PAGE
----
MD: Reading your story I felt very much like the daughter looking out on her patio: “When you were sad, looking out there made you sadder, but in a way that was strangely beautiful…” For me, your story is both sad and strangely beautiful. When did you know the story was moving in that direction and what was your process for cultivating that ethos?
NC: Because this story came from a series of dreams I was having, I wanted the experience of reading it to evoke that feeling of the kind of dream that sticks with you or, in a sense, haunts you. Being haunted is necessarily sad—you carry around remnants, incomplete experiences that won’t let you forget or fully remember the whole. One of the ways in which I tried to add this into the story was through allowing lots of space and lots of silence.
MD: The daughter speaks of her father being a source of comfort from fears she can’t quite articulate, dark terrors that overwhelm her for “no reason she could explain.” Her fears strike me as all the more real for being idiopathic. How do you decide when to provide concrete explanations for a character’s behavior and when to leave their qualities or motivations fluid?
NC: I think a lot of us have experienced that kind of idiopathic anxiety, and so when it comes to what I need to spell out and what I don’t, I try to think about how much the reader has in common with my character in that moment. The more my character and the reader have in common, the less exposition I need.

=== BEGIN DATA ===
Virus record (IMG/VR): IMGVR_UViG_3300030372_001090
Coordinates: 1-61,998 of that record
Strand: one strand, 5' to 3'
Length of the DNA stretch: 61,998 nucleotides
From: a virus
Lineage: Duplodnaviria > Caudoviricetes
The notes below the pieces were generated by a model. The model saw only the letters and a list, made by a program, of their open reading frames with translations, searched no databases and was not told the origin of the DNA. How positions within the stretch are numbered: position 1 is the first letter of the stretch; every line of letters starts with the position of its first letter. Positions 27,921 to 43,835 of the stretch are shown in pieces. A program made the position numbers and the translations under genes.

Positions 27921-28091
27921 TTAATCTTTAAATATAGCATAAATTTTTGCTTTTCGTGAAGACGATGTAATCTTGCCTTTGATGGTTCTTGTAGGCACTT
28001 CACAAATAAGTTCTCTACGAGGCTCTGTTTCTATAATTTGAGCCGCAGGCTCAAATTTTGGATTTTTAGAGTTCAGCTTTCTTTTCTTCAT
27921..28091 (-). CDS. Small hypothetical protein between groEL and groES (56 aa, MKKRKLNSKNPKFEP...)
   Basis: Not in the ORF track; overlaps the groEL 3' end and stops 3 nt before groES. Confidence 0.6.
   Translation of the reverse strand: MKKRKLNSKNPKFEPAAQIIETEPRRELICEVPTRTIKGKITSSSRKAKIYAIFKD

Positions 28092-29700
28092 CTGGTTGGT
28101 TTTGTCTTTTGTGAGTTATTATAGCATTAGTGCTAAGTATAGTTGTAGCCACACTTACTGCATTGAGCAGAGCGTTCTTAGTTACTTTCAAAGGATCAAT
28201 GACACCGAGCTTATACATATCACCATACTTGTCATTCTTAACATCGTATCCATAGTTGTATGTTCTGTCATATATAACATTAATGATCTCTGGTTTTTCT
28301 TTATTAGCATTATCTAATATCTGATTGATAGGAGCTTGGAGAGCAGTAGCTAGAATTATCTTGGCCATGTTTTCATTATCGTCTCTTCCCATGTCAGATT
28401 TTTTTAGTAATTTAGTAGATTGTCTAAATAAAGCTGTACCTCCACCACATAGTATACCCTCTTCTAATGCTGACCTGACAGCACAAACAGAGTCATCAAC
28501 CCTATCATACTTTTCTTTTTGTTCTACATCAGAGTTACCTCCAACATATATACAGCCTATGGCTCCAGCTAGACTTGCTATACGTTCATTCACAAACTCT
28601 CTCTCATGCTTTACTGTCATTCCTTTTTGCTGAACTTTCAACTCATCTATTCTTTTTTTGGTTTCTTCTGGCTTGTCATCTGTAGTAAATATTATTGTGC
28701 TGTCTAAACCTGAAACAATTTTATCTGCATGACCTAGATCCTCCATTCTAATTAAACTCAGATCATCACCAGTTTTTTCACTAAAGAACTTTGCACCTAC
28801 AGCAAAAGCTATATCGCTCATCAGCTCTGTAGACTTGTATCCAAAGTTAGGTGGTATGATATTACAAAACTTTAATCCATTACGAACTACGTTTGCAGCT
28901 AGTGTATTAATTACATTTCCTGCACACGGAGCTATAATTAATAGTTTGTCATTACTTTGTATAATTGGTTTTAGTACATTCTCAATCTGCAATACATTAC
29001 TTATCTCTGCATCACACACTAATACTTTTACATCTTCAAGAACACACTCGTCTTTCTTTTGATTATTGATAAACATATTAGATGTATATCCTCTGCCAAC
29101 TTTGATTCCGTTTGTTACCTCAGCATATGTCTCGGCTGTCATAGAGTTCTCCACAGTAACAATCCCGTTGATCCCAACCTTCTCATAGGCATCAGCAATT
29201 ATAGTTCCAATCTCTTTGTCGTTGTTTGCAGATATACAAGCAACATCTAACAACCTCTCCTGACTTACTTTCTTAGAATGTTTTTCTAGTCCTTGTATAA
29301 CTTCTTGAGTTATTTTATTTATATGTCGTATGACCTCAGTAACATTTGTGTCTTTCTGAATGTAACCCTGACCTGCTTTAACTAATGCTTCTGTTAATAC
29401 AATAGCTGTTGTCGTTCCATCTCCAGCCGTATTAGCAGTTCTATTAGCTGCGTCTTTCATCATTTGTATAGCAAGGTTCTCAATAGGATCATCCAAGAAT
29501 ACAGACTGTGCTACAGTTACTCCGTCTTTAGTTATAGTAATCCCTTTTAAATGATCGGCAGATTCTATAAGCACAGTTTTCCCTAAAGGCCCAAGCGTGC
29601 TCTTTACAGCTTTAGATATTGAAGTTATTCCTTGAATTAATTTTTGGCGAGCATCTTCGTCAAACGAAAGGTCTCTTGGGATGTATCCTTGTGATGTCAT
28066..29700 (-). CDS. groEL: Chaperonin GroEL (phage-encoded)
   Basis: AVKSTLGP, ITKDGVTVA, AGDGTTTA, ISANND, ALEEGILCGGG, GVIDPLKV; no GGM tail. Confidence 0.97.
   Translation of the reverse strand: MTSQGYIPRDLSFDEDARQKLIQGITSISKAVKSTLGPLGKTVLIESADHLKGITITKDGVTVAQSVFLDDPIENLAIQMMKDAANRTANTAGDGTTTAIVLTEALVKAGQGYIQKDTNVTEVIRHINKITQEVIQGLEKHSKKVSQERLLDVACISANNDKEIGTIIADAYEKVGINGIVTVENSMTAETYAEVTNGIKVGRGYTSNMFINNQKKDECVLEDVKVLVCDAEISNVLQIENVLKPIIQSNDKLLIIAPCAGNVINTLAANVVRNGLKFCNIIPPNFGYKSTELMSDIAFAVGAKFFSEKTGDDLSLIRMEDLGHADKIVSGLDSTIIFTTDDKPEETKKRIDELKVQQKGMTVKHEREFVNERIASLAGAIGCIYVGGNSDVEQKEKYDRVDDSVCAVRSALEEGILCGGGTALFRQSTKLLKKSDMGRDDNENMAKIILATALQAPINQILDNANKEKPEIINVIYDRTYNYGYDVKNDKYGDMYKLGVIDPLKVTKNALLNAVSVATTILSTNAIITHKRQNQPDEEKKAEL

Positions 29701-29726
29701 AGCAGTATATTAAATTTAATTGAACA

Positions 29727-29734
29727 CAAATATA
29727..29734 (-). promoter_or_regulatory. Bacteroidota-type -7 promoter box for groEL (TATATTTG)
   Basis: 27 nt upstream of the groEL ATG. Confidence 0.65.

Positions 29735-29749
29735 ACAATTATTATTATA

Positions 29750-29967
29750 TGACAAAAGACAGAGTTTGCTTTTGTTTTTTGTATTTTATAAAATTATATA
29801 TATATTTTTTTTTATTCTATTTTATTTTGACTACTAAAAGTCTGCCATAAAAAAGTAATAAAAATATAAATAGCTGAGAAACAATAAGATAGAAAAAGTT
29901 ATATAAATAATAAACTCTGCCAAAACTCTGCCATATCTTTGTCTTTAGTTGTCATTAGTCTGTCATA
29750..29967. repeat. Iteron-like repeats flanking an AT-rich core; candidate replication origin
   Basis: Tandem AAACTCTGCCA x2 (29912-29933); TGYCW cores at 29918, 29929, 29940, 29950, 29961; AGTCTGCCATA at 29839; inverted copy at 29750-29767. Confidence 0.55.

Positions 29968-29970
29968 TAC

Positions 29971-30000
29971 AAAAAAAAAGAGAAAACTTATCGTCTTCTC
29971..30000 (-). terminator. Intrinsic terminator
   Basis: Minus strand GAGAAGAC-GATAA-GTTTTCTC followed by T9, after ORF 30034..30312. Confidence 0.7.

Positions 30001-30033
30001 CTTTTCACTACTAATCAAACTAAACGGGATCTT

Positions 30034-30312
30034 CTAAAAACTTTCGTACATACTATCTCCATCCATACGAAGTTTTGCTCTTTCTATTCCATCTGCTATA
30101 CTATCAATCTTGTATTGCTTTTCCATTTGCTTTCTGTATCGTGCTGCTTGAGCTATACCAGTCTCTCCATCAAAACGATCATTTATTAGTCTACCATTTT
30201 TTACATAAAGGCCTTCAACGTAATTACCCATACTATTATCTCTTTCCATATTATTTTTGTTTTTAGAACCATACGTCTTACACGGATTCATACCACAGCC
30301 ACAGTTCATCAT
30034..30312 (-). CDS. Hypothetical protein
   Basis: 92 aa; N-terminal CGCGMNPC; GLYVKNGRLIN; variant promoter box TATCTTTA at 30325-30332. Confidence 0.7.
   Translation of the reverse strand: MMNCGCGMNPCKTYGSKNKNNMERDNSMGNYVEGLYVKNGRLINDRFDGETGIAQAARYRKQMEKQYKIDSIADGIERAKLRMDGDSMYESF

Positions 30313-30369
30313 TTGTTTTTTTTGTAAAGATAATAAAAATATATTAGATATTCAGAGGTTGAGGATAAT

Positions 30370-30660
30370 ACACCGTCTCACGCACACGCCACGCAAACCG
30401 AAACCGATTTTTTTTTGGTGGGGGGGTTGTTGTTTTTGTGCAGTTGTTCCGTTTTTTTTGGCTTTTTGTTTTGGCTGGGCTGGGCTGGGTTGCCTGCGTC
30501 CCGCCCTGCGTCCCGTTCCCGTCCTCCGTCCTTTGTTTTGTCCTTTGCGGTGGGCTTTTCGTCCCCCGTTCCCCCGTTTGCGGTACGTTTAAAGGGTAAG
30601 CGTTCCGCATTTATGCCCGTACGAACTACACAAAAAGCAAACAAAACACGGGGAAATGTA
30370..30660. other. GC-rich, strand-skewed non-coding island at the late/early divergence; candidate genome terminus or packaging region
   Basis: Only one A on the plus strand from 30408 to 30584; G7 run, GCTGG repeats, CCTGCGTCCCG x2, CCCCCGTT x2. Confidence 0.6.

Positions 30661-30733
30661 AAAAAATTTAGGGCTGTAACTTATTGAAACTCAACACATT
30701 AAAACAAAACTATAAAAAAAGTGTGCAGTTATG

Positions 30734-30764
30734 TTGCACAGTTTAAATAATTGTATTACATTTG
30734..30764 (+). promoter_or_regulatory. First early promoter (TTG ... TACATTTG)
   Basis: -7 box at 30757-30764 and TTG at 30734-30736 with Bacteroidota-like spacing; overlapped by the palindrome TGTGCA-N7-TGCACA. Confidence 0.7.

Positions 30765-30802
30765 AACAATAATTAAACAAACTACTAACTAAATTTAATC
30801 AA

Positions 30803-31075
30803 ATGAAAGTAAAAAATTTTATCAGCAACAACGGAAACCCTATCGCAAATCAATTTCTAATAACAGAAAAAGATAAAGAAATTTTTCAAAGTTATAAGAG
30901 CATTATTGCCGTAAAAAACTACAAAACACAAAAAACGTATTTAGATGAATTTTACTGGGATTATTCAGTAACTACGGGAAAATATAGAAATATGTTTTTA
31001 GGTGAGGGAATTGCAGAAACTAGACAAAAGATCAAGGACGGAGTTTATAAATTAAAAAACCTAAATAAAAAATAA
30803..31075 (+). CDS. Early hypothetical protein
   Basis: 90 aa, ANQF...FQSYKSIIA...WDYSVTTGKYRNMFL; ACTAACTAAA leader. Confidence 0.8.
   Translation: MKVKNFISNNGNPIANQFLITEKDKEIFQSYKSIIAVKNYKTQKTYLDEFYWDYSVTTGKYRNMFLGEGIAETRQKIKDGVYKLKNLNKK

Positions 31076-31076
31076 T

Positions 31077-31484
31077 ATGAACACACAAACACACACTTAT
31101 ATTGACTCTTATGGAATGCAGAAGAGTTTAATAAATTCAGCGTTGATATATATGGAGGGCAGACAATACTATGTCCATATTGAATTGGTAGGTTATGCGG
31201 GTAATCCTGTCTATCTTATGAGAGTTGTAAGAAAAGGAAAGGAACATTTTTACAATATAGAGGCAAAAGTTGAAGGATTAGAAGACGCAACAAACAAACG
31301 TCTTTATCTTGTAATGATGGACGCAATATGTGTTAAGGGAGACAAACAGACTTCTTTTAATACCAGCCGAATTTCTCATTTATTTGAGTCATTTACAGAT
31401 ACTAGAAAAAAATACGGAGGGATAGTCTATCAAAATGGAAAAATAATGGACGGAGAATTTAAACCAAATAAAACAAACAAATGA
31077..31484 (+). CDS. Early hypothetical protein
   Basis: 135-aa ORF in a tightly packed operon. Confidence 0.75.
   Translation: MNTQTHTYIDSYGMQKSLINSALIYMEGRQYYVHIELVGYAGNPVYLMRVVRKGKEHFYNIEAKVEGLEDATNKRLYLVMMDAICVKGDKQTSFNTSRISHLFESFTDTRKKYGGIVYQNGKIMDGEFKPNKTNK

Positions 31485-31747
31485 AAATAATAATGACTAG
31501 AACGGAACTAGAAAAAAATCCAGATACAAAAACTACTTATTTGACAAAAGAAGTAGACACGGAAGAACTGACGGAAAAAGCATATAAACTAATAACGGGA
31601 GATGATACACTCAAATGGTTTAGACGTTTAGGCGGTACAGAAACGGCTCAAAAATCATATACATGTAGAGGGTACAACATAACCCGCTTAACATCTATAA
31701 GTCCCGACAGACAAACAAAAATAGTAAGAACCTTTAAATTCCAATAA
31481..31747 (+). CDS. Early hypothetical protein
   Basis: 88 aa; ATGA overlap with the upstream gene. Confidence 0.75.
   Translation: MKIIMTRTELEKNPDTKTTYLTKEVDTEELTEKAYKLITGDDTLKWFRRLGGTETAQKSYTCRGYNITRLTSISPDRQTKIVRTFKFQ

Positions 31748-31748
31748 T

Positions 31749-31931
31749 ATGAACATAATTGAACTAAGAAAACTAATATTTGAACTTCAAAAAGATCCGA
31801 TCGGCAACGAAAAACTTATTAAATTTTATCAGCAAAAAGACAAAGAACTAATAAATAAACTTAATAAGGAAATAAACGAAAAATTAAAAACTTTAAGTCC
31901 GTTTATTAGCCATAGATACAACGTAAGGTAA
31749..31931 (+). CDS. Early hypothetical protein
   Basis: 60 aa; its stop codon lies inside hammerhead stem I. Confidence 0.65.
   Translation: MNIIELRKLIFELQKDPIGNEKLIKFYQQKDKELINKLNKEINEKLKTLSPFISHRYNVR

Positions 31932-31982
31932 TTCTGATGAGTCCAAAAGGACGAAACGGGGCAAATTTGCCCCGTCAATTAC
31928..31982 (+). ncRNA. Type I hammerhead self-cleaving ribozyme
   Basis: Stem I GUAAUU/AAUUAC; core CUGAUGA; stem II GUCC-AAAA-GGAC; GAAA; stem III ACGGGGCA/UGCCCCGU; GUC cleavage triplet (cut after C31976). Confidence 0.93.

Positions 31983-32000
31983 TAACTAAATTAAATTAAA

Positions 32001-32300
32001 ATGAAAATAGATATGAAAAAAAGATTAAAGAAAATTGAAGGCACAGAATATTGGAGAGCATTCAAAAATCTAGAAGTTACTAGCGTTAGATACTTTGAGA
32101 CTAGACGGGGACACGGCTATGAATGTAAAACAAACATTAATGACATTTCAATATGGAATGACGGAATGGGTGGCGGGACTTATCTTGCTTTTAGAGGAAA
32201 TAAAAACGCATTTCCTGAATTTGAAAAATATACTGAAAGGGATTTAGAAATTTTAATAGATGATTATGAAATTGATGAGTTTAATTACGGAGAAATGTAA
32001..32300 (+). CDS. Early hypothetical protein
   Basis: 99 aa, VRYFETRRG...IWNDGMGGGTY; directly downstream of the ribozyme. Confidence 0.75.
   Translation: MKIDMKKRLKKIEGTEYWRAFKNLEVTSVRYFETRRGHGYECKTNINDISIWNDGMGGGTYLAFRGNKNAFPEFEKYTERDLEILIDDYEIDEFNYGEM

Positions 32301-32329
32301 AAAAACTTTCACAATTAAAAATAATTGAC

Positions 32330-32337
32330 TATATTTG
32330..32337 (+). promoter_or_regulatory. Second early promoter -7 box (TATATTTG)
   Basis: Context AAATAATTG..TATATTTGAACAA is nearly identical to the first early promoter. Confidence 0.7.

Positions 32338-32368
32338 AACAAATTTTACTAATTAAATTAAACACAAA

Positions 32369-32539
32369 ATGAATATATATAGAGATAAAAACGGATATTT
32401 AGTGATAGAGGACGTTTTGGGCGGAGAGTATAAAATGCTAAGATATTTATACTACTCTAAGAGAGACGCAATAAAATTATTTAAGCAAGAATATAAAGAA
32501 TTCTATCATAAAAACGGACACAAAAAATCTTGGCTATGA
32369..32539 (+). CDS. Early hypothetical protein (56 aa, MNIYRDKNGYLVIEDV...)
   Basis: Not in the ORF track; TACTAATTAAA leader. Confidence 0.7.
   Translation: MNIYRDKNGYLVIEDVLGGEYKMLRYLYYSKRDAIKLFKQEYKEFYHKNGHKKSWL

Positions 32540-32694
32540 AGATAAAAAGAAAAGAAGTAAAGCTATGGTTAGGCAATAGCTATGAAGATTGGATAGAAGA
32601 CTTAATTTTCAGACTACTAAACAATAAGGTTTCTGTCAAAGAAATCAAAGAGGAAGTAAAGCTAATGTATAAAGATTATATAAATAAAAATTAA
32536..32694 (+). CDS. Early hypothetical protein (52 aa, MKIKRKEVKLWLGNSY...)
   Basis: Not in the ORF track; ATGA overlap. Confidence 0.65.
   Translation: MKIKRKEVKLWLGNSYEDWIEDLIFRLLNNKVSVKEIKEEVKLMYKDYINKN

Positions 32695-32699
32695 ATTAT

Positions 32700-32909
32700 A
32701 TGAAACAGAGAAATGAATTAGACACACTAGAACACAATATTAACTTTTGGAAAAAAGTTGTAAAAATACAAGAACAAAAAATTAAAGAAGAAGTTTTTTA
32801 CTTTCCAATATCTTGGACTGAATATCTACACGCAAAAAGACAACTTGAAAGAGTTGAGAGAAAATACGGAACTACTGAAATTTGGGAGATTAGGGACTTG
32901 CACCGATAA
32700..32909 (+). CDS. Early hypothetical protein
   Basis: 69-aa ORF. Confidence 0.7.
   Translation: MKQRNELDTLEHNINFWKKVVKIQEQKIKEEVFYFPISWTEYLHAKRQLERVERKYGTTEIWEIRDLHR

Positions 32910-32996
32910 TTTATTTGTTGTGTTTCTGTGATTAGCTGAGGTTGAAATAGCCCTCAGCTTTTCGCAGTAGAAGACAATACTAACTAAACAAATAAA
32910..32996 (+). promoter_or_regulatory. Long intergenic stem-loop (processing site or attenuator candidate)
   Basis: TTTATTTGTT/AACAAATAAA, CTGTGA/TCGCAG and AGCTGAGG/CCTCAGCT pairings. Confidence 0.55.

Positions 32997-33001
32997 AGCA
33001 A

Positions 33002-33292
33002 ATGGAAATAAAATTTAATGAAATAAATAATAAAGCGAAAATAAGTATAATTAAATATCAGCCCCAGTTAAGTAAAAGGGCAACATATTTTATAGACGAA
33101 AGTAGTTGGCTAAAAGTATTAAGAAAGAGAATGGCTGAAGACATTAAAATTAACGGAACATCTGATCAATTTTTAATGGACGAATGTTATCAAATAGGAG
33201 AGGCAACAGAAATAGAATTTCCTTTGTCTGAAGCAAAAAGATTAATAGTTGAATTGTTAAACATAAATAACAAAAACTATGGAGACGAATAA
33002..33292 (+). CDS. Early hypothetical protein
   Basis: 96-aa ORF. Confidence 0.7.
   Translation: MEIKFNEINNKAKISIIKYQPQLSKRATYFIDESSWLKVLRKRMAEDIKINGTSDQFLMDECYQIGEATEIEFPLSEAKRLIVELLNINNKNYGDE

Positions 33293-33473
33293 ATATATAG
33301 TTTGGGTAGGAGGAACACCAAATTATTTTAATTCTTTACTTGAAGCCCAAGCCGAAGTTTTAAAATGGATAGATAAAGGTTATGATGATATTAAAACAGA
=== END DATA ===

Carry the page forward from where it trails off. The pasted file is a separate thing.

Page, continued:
MD: The shadow of her aging father’s death elicits a new fear, one that has always existed even when unacknowledged, and one he can’t protect her from. To a large extent, the strain she experiences while reckoning with her father’s mortality powers the story forward. How do stories such as your own successfully harness a strong emotion to advance the narrative?
NC: Universality, I think. We often talk/write about our fear of our own deaths, but just as universal is our fear of the deaths of people we love. When we as writers successfully tap into these universal experiences, our stories really become self-sustaining.